We wanted to be able to look at those key pages on the website and think about how best to drive traffic. How and where do we find them? Two channels were essential: digital advertising on Facebook and Google, and using Google ad words.
One of the things we learned was just how truly complicated the decision-making process is. When looking to book a mammography appointment, a patient may require multiple opportunities to engage with a healthcare provider. We were driving traffic with the primary call to action as putting in a request to schedule a mammography online, but it’s clear that not everyone who visits online is ready to make that step. There may be additional information-seeking actions that are necessary for them to take online.
And, the social media component was fascinating. We saw the online dialogue unfold before our eyes. Patients were engaged with our healthcare providers online. They were clearly interested in a mammogram at Massachusetts General, but they weren’t ready to make an appointment. The social media campaign allowed them to participate in a conversation.
We geo-targeted our ads on Facebook to women above age 38 who live within an hour’s drive time from where we provide services. We were so amazed at the reaction. Maybe it had something to do with the way the ad was written, but we asked, “Are you getting your mammogram?” Women answered. Hundreds commented to say yes – that they’d been nervous about it, but that it saved their lives. Occasionally, a woman would comment that she chose not to have a mammogram and would share why.
Admittedly, it was a challenge for us to just watch the conversation unfold, trying to decide when and if it would be appropriate for us to interject. But we let it self-regulate unless we needed to provide factual clarification or information about tomosynthesis or 3D mammography. We watched responses to comments that questioned the value of mammography. Most importantly, we saw women encourage other women to do this.
What have been the benefits to-date both for the patients and providers?
We were really aware that we wanted to make data-driven decisions in developing the campaign, so we created measurable objectives to learning new things. And, we have seen quantifiable impact. One thing that has really amazed and surprised us is seeing just how well our mobile ads fared in terms of our engagement rates. Compared to desktop ads on Facebook, mobile ads generated three times to seven times more impressions and had higher engagement rates, as well.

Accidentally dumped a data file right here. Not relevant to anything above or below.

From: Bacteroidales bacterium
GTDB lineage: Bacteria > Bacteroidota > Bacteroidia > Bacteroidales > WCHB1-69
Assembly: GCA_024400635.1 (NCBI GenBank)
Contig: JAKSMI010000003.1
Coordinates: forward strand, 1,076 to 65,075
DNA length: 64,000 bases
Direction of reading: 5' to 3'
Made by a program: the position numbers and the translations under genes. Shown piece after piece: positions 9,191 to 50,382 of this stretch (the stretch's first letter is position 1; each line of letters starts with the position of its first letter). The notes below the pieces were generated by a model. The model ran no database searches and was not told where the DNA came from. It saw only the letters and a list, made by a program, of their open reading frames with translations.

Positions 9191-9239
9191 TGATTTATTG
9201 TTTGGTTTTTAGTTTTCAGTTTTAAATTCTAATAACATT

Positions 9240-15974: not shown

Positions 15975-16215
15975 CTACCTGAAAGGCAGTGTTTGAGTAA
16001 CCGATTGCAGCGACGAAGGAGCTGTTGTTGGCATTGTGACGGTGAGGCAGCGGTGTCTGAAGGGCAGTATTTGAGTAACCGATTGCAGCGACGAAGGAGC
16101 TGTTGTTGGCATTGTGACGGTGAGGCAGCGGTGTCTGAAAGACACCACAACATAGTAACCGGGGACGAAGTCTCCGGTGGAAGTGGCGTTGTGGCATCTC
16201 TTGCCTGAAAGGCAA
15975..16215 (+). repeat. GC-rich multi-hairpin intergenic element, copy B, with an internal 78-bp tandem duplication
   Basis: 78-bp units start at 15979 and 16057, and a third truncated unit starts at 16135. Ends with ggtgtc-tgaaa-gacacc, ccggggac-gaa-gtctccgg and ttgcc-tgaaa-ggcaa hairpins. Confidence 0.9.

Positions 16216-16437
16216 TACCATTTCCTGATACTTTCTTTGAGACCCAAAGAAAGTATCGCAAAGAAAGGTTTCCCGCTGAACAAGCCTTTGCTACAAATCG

We looked through the analytics to see the percentage of people visiting the scheduling page who came from a desktop or via a device. From November 2013 to February 2014, more than 20% came from a device, 30% from mobile, and 24% from tablet. Mobile access is an important thing across different industries, and it’s a growing part of the patient experience.
We know that during this campaign, our online appointment requests increased by 11% compared to the same time period last year. Visits to our scheduling page were five times greater than the traffic to the page the previous year. That tells us that digital engagement is a growing part of the patient experience, as well as meeting patient needs and understanding how and where they’re finding us.
One of the benefits to patients is the increased opportunity to interact with healthcare providers for information or for a transactional purpose, such as requesting an online appointment. Looking at the dialogue, it’s clear that the choice to get a mammogram is something that women spend a lot of time thinking through and talking about with other women. They look for information online and share thoughts, feelings, and data.
From the provider standpoint, it’s added a functionality to access this information online. They’re also able to book appointments at any time. We also know that referring providers appreciate the ability and convenience for their patients to access mammography scheduling and book their appointments directly.
What are the next steps?
That’s the really cool part of having conducted these digital ad campaigns. We came out with a ton of data and used it to better understand the audience and make strategic decisions about how to allocate our marketing resources. We learned the importance of mobile access in meeting patient expectations of how to consume information online. It was a big eye-opener. As a next step, we’re looking to increase patient engagement by optimizing our content and forms for mobile consumer use and transactions.
When we compare this campaign to others, the ability to track the impact is huge. So from where we sit, being able to demonstrate its value, the reasons for investing in this kind of outreach is compelling. It’s especially rewarding when we built in several calls to action and tracked patient engagement in booking and demonstrating we’re meeting women where they are and providing them with vital information.